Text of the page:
Bison Beer Best

Today we’re again a bit on the parochial side. But not in the Dutch sense – rather, in the Czech sense, since I need to head to Prague again this evening for a few days. So naturally I’ve been heavily into the Czech press lately. What has been going on? On the one hand, the Czech socialist coalition government just (barely) survived a vote of confidence in Parliament, and the main governing party looks like it’s about to throw out a maverick within its ranks whose non-cooperation made the confidence vote so close. On the other hand, the results of the Czech Beer Competition for 2003 have just been announced. Which story would you rather hear more about?

I’m guessing the latter. Both Hospodarske noviny and Právo (registration required – in Czech!) have write-ups on the just-completed Czech Beer Competition, Právo being slightly more-informative.

The big winner is Zubr, the beer brewed by the Zubr brewery in the medium-sized Moravian city of Prerov (just to the south-east of Olomouc; to the north-east of Brno), owned by the “PMS Prerov” company. There were two categories in the competition, lezáky and vycepní. I’m a little unsure of my footing here, I’ve got to admit: vycepní definitely means beer on tap (i.e. poured at a bar from a keg, not drunken from a bottle), while lezáky mean “lagers.” So I gather that lezáky actually means “bottled beer.”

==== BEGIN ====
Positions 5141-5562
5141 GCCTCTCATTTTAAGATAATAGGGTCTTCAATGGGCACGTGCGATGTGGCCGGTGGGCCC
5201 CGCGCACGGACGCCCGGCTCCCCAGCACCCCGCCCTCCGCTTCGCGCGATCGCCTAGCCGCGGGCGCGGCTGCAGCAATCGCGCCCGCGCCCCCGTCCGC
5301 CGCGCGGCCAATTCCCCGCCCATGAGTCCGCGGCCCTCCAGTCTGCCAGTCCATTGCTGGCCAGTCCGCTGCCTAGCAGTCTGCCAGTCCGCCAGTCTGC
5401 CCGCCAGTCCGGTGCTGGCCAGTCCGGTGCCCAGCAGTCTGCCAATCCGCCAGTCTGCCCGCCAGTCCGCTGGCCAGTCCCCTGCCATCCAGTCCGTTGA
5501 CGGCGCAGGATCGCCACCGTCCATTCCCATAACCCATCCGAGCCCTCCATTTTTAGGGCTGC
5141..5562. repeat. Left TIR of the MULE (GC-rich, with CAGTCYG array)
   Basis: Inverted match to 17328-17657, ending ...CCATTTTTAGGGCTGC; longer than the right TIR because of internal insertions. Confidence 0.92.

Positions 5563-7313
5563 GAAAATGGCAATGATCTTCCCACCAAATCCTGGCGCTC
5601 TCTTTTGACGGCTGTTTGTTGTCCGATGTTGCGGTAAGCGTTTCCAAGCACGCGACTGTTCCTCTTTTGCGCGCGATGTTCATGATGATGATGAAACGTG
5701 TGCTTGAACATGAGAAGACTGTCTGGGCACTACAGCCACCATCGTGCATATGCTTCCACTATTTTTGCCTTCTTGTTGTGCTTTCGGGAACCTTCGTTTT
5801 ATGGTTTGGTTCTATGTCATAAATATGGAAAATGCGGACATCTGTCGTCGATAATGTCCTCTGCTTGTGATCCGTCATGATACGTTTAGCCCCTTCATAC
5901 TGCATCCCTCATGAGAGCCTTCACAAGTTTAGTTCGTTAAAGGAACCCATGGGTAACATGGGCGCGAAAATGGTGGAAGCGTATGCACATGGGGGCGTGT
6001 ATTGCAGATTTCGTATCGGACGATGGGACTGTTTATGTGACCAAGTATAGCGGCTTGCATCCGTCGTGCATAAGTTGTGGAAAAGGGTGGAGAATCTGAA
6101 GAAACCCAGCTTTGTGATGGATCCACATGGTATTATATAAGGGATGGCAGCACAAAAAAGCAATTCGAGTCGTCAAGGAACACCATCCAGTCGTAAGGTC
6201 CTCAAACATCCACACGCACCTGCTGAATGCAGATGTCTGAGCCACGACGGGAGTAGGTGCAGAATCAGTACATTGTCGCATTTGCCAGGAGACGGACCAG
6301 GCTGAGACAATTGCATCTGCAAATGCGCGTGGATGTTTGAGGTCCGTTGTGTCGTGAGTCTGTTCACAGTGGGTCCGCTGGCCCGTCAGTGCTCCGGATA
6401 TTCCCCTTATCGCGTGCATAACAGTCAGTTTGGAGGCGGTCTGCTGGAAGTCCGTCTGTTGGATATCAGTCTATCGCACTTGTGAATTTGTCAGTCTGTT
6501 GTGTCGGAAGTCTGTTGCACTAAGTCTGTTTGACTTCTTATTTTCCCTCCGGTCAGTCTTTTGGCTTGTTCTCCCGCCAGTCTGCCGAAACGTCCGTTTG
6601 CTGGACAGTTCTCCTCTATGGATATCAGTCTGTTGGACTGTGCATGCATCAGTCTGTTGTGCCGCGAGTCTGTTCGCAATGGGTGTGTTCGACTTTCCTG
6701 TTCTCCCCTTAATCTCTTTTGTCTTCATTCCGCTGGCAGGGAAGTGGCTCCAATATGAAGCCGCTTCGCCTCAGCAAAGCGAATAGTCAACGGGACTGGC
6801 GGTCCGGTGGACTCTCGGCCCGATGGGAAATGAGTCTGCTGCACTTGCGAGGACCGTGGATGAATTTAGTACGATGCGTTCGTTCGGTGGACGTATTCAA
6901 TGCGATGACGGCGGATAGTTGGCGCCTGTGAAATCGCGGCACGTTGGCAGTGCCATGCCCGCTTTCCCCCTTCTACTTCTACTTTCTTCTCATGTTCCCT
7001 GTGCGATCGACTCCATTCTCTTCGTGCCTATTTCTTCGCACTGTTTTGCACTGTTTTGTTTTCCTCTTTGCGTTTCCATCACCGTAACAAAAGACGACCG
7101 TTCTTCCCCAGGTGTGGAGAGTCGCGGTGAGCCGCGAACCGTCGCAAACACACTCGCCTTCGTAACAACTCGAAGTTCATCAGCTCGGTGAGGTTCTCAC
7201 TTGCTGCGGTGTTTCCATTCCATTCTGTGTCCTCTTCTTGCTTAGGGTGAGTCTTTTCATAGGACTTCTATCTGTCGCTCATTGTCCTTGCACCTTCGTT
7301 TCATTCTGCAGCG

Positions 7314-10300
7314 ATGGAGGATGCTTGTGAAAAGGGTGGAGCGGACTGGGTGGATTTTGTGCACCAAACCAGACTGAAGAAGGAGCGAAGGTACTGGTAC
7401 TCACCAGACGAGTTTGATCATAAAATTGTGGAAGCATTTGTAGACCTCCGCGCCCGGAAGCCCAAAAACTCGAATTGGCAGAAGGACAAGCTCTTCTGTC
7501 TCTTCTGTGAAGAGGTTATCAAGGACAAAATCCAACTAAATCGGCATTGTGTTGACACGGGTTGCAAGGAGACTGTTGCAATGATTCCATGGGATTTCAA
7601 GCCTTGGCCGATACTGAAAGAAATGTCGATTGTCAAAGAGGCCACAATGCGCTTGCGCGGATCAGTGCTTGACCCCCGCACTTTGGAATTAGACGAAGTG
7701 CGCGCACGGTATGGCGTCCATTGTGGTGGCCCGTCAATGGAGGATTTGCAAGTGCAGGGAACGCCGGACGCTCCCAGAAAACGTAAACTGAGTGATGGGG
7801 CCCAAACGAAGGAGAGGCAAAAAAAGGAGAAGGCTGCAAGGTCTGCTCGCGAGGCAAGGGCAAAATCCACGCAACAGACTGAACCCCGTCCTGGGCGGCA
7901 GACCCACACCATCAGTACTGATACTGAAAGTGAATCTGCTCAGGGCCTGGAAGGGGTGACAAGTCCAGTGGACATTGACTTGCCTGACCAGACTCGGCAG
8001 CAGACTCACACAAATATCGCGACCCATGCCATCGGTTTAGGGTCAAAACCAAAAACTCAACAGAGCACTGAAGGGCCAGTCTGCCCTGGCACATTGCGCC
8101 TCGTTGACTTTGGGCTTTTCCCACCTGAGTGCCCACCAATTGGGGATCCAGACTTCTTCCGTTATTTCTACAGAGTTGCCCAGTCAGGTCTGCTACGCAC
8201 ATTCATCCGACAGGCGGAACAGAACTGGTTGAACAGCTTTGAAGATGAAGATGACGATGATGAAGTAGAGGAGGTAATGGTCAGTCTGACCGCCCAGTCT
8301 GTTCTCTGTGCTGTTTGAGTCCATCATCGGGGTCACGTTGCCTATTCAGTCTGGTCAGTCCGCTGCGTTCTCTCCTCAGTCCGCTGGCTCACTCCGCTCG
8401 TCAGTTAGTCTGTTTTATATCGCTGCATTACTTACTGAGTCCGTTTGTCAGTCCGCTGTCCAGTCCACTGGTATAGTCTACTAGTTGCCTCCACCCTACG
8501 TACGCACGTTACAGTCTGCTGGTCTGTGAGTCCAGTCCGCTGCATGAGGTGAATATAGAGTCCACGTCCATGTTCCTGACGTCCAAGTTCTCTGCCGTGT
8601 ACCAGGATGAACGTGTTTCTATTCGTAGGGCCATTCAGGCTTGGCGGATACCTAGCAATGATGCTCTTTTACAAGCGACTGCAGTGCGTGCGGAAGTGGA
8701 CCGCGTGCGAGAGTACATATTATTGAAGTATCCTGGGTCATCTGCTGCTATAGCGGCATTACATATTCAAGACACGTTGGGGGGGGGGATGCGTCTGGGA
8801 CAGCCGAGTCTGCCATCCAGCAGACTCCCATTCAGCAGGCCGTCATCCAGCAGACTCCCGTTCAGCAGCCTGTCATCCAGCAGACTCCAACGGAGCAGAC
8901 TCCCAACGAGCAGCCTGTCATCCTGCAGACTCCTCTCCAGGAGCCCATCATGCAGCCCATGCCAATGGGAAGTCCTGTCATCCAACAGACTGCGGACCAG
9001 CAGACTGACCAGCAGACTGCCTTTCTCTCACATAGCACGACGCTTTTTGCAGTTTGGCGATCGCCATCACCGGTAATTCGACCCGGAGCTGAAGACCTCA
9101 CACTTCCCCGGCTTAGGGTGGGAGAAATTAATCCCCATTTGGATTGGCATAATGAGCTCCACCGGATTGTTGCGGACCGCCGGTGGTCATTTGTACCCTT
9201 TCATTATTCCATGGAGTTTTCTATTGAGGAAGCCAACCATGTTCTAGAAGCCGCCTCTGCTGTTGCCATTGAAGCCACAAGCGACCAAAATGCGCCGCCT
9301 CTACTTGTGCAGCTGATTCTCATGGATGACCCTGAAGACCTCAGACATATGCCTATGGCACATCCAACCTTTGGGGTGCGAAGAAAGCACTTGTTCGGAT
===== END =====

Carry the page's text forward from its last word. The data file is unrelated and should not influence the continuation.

In any case, Zubr (the word is Czech for “bison,” and here’s their website, in both Czech and English) swept the board: Zubr Premium won among the lezáky, followed by Radegast Premium and then Velkopopovicky kozel. (Kozel is Czech for “billy-goat”; yes, “billy-goat beer,” but don’t laugh, people, because in its dark, or “stout,” incarnation it’s by far my favorite. I don’t fail to drink vast quantities of the stuff – “vast” for me, that is, meaning maybe two pints at a sitting – whenever I’m in Prague, and I look forward to doing that again very shortly. And Velkopopovicky – did you ask me that? – simply refers to the village, just south of Prague, where it is brewed.) As for vycepní, Zubr Classic won that category (it came in second last year), followed by Braník (from Prague), and then Starobrno Tradicní (meaning “traditional from old Brno”) from, of course, Brno, capital city of Moravia.